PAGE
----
"woodrock" as bio media - The Planted Tank Forum
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post #1 of 18 (permalink) Old 01-06-2015, 08:44 PM Thread Starter
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"woodrock" as bio media

I've got a bunch of empty tanks and filters laying around and finally decided its time to start a fishroom of sorts.

I'm trying not to break the bank on this and figured I'm not going to go out and buy brand name biomedia for the various filters. So I figured I'd try some red lava rock in my HOB and canister filters. I know I saw Home Depot had some out in the landscaping section in the past. But, turns out they consider that a seasonal item and dont carry it in the winter.

So I started calling stone/mason supply yards and one nearby said they had what I was looking for. Once I got over there they were showing me something that looked nothing like red lava rock. The stuff they had was really dense stone and it didnt appear to have any surface area other than what could be seen.

We eventually came to what they called "woodrock" and I bought 50 lbs for $5 (along with about 100 pounds of natural gravel for $10). The "woodrock" looks to be very porous but doesn't look like lava rock necessarily. I cant find anything about it and am now questioning if its safe to use as bio media. The stone yard couldnt explain if its petrified wood and claimed it "sort of turns into carbon". I decided it was worth the risk to buy some and see if I can learn anything else about this stuff. Anyone ever hear of it or know anything about it?
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post #2 of 18 (permalink) Old 01-06-2015, 10:01 PM
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If the people selling it can't tell you much at all about it, I'd ask where they got it and see if you can get answers from their supplier.

Honestly, you could use things like plastic pot scrubbers from the $ store. There's lots of cheap substitutes before using something from a masonry supply yard that can't even tell you what it is.

Since you already bought it, the best I can suggest is to try and cycle a tank with it in a filter, test the heck out of it and see how some feeders do. But even if it looks / acts OK, you won't know how it will react / perform over time and at different Ph levels.

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post #3 of 18 (permalink) Old 01-06-2015, 10:13 PM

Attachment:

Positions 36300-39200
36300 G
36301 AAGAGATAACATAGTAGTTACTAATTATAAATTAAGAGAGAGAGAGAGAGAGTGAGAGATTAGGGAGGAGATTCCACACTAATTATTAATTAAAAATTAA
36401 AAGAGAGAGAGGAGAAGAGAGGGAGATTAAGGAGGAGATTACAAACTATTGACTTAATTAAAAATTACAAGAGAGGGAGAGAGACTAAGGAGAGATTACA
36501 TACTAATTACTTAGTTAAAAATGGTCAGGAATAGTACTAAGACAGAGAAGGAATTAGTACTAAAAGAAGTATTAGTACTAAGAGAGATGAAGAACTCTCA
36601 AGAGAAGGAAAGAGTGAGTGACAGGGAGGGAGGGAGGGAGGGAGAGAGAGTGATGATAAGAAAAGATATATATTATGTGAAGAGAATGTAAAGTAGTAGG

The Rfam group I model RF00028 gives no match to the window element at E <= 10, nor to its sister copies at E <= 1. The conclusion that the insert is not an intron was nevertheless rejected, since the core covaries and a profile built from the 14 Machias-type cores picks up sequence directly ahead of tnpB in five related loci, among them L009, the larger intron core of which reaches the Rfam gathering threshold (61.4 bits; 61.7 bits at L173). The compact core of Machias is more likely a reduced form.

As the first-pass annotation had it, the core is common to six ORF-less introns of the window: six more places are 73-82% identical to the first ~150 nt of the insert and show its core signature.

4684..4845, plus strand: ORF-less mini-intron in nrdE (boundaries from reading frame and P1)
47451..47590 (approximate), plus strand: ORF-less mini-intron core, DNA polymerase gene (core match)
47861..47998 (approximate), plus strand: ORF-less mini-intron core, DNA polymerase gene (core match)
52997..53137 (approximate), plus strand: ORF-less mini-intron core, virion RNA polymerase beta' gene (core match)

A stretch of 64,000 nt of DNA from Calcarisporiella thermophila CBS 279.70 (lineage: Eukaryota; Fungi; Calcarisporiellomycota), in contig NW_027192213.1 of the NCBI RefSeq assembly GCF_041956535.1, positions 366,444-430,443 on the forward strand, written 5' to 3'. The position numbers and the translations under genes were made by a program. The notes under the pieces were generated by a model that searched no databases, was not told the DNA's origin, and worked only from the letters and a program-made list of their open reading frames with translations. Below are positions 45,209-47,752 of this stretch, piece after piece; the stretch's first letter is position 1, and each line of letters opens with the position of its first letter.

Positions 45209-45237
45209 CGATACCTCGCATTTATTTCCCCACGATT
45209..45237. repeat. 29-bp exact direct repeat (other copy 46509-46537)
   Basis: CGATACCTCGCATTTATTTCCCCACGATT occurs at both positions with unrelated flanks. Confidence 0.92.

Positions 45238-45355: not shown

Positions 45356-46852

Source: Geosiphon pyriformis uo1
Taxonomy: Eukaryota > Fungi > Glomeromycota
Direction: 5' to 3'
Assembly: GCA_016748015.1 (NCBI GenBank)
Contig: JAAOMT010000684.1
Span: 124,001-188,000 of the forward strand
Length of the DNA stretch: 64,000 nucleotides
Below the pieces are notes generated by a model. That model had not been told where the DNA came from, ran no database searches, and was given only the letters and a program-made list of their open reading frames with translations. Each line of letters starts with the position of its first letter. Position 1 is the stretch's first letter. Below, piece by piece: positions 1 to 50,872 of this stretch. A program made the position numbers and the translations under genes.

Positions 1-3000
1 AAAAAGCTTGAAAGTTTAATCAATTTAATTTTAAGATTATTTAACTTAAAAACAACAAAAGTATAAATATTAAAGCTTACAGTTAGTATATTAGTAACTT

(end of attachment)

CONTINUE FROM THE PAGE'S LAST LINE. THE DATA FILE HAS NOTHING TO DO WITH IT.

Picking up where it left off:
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Can you take a couple of pieces, put them on a sheet of paper, take a pic, and post it?

Stone supply places use all kinds of names for things, that rarely have any bearing on the actual mineral content of the rock...
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post #4 of 18 (permalink) Old 01-06-2015, 11:06 PM
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If you really want find out the name and properties of the rock (if noone here can help) i would post some pictures on https://www.reddit.com/r/whatsthisrock
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post #5 of 18 (permalink) Old 01-07-2015, 05:08 PM Thread Starter
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Got a couple of shots. Let me know if anyone can shed any light on this!





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post #6 of 18 (permalink) Old 01-08-2015, 04:12 PM Thread Starter
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Anyone have a guess?

I think I need to take some better photos as in person the rock looks much more similar to lava rock with lots of little holes and crevices.
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post #7 of 18 (permalink) Old 01-08-2015, 05:00 PM
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Conglomerate??
Link to a site:
http://geology.com/rocks/conglomerate.shtml
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post #8 of 18 (permalink) Old 01-08-2015, 05:11 PM
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Quote:
Originally Posted by lksdrinker View Post
Anyone have a guess?

I think I need to take some better photos as in person the rock looks much more similar to lava rock with lots of little holes and crevices.
Remember those holes and crevices need to work through to he core of the rock, not just at the surface. Take a piece of lava rock of similar size and get a sense of the difference in weight.

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post #9 of 18 (permalink) Old 01-08-2015, 05:16 PM